Now tax-mad Sunak ‘fines’ Brits for saving in pension – millions face 55% horror charge

Budget 2021: Sunak announces pension lifetime allowance freeze

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That is the most brutal tax rate in Britain, but it isn’t a punishment for people who have broken the rules. Savers are being penalised for doing exactly what the government has been urging them to do, and set aside money for the future.

The controversial tax charge is known as the pensions lifetime allowance, or LTA, and is the maximum you can build up across all your company and personal pensions before HM Revenue & Customs (HMRC) swoops.

People aren’t charged on the amount of money they pay into a pension, but how large it becomes over time.

Which means that people who generate a decent return on their savings are being punished for their investment success.

The LTA used to be £1.8 million, so only the very wealthy paid it, but it has been repeatedly cut back to today’s level of £1,073,100.

In his Budget in March 2021, Sunak froze it at that sum for five years, until 2025/26.

With inflation set to top eight percent while the LTA is frozen, more will get caught out by the 55 percent tax penalty, said Peter Glancy, head of policy at Scottish Widows.

“You could simply be fined if your assets keep pace with inflation. This clearly doesn’t make sense.”

Ian Browne, pensions expert at Quilter, said that even before inflation rocketed, the lifetime allowance was catching more of us out. In the 2019/20 tax year, 8,510 people paid a total of £342 million in the tax.

That was an increase of 21 percent from £283 million the previous year. Now the rate of growth will accelerate over the next five years.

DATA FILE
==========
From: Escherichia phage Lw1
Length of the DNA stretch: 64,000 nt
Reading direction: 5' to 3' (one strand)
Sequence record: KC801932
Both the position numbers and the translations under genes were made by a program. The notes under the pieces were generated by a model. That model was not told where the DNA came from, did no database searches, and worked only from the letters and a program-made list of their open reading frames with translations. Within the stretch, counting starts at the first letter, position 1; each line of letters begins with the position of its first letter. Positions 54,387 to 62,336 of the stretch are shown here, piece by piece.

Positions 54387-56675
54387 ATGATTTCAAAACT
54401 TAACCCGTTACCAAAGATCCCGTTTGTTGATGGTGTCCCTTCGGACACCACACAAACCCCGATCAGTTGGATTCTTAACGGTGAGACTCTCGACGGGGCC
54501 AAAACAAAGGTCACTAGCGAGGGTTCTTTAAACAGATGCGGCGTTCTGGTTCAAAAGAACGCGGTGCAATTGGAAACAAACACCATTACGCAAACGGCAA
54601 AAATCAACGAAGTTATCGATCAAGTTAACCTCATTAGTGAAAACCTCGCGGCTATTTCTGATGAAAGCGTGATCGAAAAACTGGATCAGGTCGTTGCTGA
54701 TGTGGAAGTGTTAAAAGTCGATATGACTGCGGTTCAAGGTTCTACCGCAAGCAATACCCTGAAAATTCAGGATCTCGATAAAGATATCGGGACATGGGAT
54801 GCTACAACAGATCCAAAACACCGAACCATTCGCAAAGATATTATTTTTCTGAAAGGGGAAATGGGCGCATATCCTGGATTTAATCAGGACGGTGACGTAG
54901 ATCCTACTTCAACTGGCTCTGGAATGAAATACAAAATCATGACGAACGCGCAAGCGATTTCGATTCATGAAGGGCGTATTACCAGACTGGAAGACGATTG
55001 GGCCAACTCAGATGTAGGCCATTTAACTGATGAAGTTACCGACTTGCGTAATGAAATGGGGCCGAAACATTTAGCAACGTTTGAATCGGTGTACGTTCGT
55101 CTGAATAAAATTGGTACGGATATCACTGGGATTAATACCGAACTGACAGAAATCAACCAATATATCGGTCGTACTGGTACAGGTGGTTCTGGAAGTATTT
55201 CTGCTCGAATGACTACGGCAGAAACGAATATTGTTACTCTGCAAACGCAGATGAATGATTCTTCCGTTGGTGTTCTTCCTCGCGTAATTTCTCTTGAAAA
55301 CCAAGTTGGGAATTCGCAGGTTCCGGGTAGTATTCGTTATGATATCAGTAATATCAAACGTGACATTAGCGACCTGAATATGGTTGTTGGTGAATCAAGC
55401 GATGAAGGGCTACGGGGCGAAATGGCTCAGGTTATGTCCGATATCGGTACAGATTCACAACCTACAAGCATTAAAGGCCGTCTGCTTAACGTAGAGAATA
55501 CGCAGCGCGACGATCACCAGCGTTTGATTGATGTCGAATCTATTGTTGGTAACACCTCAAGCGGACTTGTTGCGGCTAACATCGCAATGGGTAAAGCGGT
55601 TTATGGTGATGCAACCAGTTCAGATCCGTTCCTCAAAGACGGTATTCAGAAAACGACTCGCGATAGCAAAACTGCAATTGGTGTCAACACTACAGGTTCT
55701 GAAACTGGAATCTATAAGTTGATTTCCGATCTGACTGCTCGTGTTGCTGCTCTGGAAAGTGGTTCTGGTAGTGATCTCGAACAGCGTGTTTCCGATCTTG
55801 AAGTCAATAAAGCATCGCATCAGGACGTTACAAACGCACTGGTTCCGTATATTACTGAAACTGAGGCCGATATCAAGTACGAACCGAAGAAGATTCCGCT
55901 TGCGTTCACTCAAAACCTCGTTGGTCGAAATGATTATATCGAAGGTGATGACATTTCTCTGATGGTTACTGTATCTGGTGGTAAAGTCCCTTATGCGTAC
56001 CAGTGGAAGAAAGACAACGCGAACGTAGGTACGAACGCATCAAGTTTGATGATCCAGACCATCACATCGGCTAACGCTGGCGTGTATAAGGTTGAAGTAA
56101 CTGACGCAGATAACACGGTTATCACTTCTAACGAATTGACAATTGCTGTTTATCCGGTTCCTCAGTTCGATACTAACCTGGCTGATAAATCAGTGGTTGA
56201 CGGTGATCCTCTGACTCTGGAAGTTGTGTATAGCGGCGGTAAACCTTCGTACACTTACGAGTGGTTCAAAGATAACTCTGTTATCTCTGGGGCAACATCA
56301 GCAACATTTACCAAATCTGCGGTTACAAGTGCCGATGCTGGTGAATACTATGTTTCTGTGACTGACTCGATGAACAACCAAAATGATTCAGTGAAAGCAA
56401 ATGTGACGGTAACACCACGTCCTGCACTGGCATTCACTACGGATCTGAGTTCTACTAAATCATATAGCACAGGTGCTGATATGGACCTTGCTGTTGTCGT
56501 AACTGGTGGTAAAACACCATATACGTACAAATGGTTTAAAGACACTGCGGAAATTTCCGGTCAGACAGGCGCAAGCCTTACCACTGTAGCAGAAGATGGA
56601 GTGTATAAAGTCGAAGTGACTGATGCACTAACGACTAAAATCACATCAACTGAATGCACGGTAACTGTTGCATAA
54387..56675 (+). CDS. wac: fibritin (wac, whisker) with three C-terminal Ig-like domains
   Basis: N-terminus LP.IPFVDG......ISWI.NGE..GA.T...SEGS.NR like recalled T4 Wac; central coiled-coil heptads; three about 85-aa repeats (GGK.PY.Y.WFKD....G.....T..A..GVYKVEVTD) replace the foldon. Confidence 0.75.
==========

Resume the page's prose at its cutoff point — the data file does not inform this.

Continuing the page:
An estimated 1.6 million were said to be caught out before Sunak’s LTA freeze, now that figure is on course to top two million.

For many it will come as a complete shock.

Browne said the government should be doing everything it can to encourage savers to put money away for their retirement, rather than penalise them in this way.

“Lifetime allowance rules require an intricate knowledge of how pensions work or will catch people out time and again.”

Steven Cameron, pensions director at Aegon, said the £1,073,100 LTA may sound like a huge sum but many will come closer than they realise. 

“For someone aged 65, that size of pension will buy an inflation-linnked income just £29,600 a year  before tax.”

The freeze means growing numbers will be caught out due to rampant inflation, Cameron added.

Thousands of people have been dragged into breaching the lifetime allowance in the last decade, said Ian Pickford, partner at tax and advisory group Mazars.

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“Freezing the LTA is effectively a punishment on saving into a pension, the very thing people are encouraged to do.”

He warned: “If you decide to keep saving into a pension and surpass the LTA threshold, be ready for the tax bill that will come.”

Pickford said your pension savings will be tested against the LTA at numerous times through your retirement.

“This includes every time you crystallise benefits before 75, if you die before 75, and when you reach age 75.”

The big problem is that nobody knows if they will exceed the LTA because they have no idea how their investments will perform in future.

It needs an urgent rethink, Pickford said

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